Ahead of the Group of Eight summit in Japan next week, World Bank President Robert Zoellick is calling on world leaders to renew their focus on the global food crisis what efforts to address food shortages as commodities' values escalate.
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Ahead of an annual meeting of G-8 countries next week, World Bank head Robert Zoellick is calling on world leaders to do more to address the global rise in commodity prices.
The combination of record oil prices and high and rising food prices is causing hunger and malnutrition in over 40 countries. Zoellick calls the situation a "manmade catastrophe that must be fixed by people." He joins us now to tell us more.
And, Ambassador Zoellick, why manmade catastrophe? Was this somebody's intention?
ROBERT ZOELLICK, President, World Bank:
Well, my point is some have talked about this as a silent tsunami or a perfect storm. And what I'm trying to emphasize is that the causes of this are ones that are basically created by people, and so we have to focus on agenda to fix them.
Now, the causes are in part because of extra demand for food and fuel around the world, but there's also some mistaken policies, such as restrictions on export that make it hard for even the World Food Programme to buy humanitarian supplies. Some of the biofuels policies I think will need to be adjusted.
So what we're trying to focus on going into the G-8 is some of the short-term measures to try to provide the safety net support for the most vulnerable in need, also some of the short-term supplies for seed and fertilizers to help with a production response in developing countries, and to try to get at this terrible problem of the export bans or restrictions, at least for the humanitarian supplies.
There's been a very steep spike, as you noted in your report, in both oil and food prices around the world. But what are the effects that you would see in towns and villages among the poorest people in the world? What impact is the crisis having there?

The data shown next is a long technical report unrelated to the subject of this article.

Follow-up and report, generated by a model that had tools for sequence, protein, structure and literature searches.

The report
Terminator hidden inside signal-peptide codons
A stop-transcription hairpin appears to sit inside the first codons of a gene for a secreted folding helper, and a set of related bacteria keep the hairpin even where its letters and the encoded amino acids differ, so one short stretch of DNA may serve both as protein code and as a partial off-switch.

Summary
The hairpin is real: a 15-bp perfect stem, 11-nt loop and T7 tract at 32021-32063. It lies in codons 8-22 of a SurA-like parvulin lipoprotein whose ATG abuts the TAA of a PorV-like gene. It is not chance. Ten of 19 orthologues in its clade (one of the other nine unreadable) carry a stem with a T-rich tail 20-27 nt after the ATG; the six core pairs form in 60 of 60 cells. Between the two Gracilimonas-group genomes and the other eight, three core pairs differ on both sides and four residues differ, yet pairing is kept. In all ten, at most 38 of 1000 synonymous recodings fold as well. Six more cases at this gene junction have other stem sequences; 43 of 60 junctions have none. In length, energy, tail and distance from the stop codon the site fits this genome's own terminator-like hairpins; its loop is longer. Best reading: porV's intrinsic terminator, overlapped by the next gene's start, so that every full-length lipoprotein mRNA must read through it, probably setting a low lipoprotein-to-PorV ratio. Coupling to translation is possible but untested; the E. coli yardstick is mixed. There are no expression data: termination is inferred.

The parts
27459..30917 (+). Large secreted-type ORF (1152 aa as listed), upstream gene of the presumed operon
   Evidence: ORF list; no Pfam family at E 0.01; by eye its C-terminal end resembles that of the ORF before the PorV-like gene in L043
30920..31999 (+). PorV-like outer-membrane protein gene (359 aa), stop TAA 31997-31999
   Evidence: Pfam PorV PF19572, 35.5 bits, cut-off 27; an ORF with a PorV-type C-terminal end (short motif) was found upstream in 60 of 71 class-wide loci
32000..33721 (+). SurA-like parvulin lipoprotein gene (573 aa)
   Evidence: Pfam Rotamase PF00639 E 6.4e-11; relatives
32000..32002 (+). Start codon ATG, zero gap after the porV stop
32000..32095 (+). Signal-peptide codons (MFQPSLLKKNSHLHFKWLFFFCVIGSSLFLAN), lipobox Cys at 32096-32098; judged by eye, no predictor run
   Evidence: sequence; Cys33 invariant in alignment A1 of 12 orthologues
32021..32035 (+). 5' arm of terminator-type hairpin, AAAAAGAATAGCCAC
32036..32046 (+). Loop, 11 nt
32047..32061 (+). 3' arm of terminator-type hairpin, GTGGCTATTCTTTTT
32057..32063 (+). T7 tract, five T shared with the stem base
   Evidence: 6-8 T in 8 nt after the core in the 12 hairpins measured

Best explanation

Well, at the biggest level, you're right, we're really in a danger zone because of the combination of the food and fuel. And so we estimate that, for some 40 or 50 countries, you could have a decline of 3 percent to 10 percent in their GDP, that you could have 100 million people pushed into poverty.
But the most practical way to look at this is a country like Liberia, where President Johnson-Sirleaf has tried after two decades of horror to get that country on the right track, but food prices in January rose some 25 percent; that pushed another 200,000 people into poverty; and that means 70 percent of that country is below the poverty line.
How can you re-establish a democracy and rebuild a country under those conditions? These are the types of situations that leaders that are trying to move forward with reforms, trying to build a growth agenda are facing.
And that's why we need both the developed countries and some of the major oil producers to help them get through this patch. And then the possibility that is optimistic is, is that, if we also increase production and productivity in developing countries in agriculture, they can take advantage of these higher prices.